Florid cystic endosalpingiosis of the uterus
- 1Department of Pathology, Royal Liverpool University Hospital, Fifth Floor, Duncan Building, Prescot Street, Liverpool L69 3GA, UK
- 2Department of Anatomical Pathology, Royal Prince Alfred Hospital, Missenden Road, Campledown NSW 2050, Sydney, Australia
- Dr Heatley
- Accepted 30 August 2000
A 73 year old woman presented with a right sided adnexal cystic mass. At laparotomy, this proved to be a benign serous ovarian cyst and an aggregation of thin walled subserosal and soft tissue cysts and spongy nodules up to 16 mm in diameter involving the side wall of the uterus and adjacent parametrium. These were removed by total abdominal hysterectomy and bilateral salpingo-oophorectomy. Histologically, the cystic spaces and smaller acini were lined by benign tubo-endometrioid epithelium, with smaller areas typical of serous differentiation and rare microfoci of endocervical-type mucinous epithelium. These features indicated multidirectional Mullerian differentiation in a process that, overall, was consistent with so called florid cystic endosalpingiosis. This lesion is to be distinguished from other benign conditions including multicystic mesothelioma, endometriosis, endocervicosis, florid deep glands of the uterine cervix, and deep Nabothian cysts of the uterine cervix.
A 73 year old woman presented with lower abdominal swelling and, at laparotomy, a 70 mm unilocular right ovarian cyst was identified. Contributing to the clinical “mass” were multiple thin walled subserosal cystic spaces and more solid nodules aggregated along the right side of the uterus and in the adjacent parametrial tissue and broad ligament. No other visible lesion was present in or on the pelvic viscera or peritoneum. A total abdominal hysterectomy and bilateral salpingo-oophorectomy were performed. The patient has made an uneventful recovery.
The pathological specimen consisted of an atrophic (73 g) uterus measuring 75 × 45 × 30 mm with attached Fallopian tubes and ovaries, including a unilocular right ovarian cyst and unremarkable left adnexae. The cystic spaces and the nodules, measuring up to 16 mm in diameter, were beneath the uterine serosa (within the superficial myometrium) and extended from the mid corpus to the cervix. The cut surfaces of the nodules revealed a honeycomb pattern of microcysts. Several similar nodules were present in the adjacent right parametrium. An incidental finding was a 12 mm long endometrial polyp.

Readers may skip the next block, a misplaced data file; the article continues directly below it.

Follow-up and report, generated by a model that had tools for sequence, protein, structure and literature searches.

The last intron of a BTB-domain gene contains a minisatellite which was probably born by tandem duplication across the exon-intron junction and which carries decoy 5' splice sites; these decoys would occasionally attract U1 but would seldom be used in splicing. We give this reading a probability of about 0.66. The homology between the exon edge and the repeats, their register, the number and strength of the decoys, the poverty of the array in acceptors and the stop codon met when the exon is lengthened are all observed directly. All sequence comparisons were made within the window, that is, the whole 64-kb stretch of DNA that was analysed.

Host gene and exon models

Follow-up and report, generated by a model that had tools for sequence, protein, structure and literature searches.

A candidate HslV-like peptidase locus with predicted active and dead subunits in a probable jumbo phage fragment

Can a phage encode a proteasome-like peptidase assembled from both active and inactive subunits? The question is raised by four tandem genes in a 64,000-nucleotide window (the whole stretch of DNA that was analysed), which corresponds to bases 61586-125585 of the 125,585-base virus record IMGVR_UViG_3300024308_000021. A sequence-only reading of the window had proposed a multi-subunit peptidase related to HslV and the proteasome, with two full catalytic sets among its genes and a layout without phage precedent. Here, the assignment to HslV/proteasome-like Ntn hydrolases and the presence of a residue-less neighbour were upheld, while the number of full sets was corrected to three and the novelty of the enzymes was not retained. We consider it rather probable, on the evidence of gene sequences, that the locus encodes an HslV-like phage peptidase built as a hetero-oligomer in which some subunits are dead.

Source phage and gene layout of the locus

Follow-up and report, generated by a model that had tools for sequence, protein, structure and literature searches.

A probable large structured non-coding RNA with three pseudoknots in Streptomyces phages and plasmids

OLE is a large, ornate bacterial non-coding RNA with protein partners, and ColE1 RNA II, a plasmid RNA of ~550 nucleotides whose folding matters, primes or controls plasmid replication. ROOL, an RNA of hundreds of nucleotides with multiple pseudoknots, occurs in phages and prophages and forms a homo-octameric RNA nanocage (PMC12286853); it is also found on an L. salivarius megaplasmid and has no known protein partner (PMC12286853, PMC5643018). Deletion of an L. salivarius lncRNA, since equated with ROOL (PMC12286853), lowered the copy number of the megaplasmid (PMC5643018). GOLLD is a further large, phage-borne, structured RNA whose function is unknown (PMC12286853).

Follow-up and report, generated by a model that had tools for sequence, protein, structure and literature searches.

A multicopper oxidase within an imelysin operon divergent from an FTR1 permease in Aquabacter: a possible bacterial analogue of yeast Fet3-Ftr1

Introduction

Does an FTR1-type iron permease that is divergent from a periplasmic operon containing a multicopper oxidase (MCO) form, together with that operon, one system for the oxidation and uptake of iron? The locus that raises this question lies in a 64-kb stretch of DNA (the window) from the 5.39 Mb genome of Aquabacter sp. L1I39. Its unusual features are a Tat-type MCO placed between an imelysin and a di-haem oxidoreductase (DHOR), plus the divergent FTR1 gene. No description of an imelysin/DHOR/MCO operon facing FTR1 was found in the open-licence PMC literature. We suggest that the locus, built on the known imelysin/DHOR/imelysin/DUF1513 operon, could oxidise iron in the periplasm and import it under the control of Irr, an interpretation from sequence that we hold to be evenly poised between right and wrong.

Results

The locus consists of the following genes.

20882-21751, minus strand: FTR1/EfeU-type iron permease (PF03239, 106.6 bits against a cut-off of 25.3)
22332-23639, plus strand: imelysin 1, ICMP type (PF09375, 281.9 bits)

Histologically, the subserosal, intramyometrial, and parametrial nodules consisted of variably sized and shaped cystic spaces and gland like structures, lined mainly by tubo-endometrioid epithelium (fig 1). Some cysts were lined by serous (tubal) epithelium, whereas others exhibited attenuated serous epithelium or, rarely, endocervical-type mucinous epithelial cells (fig 2). There was no evidence of epithelial atypia. The lining epithelium demonstrated intense positivity for cytokeratins (CAM 5.2, MNF 116) and for oestrogen and progesterone receptors. The tubo-endometrioid epithelium also stained strongly for vimentin and CA-125, whereas cytokeratin 5/6 was preferentially demonstrated in the more attenuated serous epithelium. The stroma between the cystic/glandular spaces were fibromuscular without evidence of either endometrial stromal differentiation or recent/old haemorrhage.
There was no evidence of epithelial proliferation in either the endometrial polyp or the right ovarian cyst.